3. They must consider the Scriptures – The gospel is “the power of God for salvation” (Romans 1:16). Paul told the brethren in Corinth, “God was well-pleased through the foolishness of the message preached to save those who believe” (1 Corinthians 1:21). If people are to be saved, they must be like the Bereans who were “examining the Scriptures daily to see whether these things [that Paul taught] were so” (Acts 17:11). The word of God produces faith (Romans 10:17) and this is what happened with the Bereans – “many of them believed” (Acts 17:12). If people do not consider the Scriptures, they cannot respond to the gospel.
  4. They must recognize their sin – The gospel is a message of “forgiveness of sins” through Christ (Acts 13:38). Paul wrote, “For all have sinned and fall short of the glory of God” (Romans 3:23). But John said, “If we say that we have no sin, we are deceiving ourselves and the truth is not in us” (1 John 1:8). Those who do not recognize their sin will see no need for the gospel. Why seek for a remedy when you think you do not have a disease? If people do not recognize their sin, they will not respond to the gospel.
  5. They must not be content in their sin and must want to correct it – Unfortunately, many today recognize that they are in sin, but are not concerned about their state at all. They are content in their sin and have no desire to change anything. Those in this condition must be taught to appreciate the horrible nature of sin. Sin separates us from God (Isaiah 59:2) and leads to spiritual death (Romans 6:23). The end result, if one does not repent, is to “pay the penalty of eternal destruction, away from the presence of the Lord and from the glory of His power” (2 Thessalonians 1:9). Jesus described the place where the lost will go as a place of “outer darkness” and a “furnace of fire” where there will be “weeping and gnashing of teeth” (Matthew 8:12; 13:42). The only way that people can be content in their sin is that they do not appreciate the severity of the punishment that awaits those who die in their sins. If they do not want to correct their sin, they will not respond to the gospel.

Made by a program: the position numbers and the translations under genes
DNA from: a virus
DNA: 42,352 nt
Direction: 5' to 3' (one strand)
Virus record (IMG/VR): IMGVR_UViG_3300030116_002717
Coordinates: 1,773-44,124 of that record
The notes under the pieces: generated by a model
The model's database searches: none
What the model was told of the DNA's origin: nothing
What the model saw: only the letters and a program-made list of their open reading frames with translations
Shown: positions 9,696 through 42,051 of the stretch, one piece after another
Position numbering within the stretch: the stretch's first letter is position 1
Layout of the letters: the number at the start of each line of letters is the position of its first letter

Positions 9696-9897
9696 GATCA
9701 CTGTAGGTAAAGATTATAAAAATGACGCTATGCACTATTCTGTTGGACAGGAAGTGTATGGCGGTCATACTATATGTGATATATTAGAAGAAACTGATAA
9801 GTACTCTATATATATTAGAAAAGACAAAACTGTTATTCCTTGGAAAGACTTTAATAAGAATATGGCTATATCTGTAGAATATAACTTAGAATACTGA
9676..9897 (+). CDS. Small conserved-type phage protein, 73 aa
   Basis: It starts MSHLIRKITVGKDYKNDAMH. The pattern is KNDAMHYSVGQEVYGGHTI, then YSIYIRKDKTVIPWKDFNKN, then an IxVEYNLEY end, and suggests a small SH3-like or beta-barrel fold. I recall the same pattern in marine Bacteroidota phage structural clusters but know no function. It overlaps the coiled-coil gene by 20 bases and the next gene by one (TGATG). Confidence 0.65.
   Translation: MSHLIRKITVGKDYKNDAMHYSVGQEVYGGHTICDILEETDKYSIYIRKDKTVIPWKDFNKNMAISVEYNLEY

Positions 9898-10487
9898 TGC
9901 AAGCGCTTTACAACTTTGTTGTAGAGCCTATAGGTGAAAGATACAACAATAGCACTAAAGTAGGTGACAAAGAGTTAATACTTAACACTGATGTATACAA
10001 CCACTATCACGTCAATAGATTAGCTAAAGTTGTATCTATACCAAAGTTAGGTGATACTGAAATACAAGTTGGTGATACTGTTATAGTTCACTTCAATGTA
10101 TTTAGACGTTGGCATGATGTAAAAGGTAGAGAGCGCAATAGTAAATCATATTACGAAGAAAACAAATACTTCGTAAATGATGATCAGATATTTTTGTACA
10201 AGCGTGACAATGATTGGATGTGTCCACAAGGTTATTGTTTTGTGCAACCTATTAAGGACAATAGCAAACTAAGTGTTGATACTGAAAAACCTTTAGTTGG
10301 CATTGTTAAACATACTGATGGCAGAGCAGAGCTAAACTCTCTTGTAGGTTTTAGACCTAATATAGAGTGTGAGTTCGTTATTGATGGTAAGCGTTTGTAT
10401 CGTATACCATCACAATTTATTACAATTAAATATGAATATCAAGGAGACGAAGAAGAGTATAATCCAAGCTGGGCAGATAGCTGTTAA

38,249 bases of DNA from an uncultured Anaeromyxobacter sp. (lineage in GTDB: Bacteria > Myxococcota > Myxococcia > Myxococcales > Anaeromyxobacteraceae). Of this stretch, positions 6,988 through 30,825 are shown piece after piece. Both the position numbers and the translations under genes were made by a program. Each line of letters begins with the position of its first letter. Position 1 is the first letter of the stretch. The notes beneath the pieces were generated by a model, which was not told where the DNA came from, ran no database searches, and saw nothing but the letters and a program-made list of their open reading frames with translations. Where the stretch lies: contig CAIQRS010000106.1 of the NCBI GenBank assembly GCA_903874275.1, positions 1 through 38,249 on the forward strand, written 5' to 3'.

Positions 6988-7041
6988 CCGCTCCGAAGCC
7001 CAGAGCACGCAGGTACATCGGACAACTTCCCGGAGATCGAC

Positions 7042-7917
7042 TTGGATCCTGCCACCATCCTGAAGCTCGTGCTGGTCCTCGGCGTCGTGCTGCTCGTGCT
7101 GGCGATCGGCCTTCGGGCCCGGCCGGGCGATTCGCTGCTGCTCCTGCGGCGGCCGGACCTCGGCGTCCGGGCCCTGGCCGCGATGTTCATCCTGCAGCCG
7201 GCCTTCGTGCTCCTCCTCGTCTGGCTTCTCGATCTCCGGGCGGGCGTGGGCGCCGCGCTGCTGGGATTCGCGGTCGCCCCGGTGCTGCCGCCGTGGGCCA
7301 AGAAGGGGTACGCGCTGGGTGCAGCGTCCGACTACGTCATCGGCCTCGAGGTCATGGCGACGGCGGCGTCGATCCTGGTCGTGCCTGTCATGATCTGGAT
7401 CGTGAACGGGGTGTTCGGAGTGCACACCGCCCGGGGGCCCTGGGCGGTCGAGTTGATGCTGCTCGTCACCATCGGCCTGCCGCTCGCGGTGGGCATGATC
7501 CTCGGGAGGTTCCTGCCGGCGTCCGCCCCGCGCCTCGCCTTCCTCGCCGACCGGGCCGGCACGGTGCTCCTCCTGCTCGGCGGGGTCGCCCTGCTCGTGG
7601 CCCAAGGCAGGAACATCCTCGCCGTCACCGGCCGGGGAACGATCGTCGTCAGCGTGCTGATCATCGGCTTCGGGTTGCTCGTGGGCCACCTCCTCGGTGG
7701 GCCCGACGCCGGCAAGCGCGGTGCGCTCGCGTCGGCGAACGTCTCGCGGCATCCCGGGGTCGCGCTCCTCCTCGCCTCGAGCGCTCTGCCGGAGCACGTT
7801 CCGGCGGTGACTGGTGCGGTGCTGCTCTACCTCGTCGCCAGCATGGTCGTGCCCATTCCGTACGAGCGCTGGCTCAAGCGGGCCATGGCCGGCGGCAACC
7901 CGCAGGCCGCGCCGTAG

6. They must be willing to do whatever the Lord requires of them – Jesus is “to all those who obey Him the source of eternal salvation” (Hebrews 5:9). Unfortunately, Jesus said there are many who call Him, “Lord, Lord,” but do not do what He has said (Luke 6:46). Many people get to this point in their response to the gospel and then turn away. Rather than doing what Peter told the crowd on the day of Pentecost – “Repent and be baptized” (Acts 2:38) – they want to do/believe/say whatever they think is right, whatever their parents did, or whatever their denominational preacher taught them. Jesus said we must believe, repent, and be baptized in order to be saved (John 8:24; Luke 13:3, 5; Mark 16:16). This is what the apostles taught after the church was established – belief, repentance, and baptism (Acts 2:37-38). This is what we must do today – believe (Hebrews 11:6; Romans 10:9-10), repent (Acts 17:30; Romans 6:6), and be baptized (Romans 6:3-4; Galatians 3:27; 1 Peter 3:21). However, if people are not willing to do whatever the Lord requires of them, they will not respond to the gospel.

On the day of Pentecost, “three thousand souls” heard the gospel preached, “received [the] word [and] were baptized” (Acts 2:41). They displayed the characteristics that were necessary to make them receptive to the gospel. If people are to be converted today, they must have these same characteristics. None of them are optional. If people do not have these characteristics, we must work to develop them in those that we teach if we hope to convert them.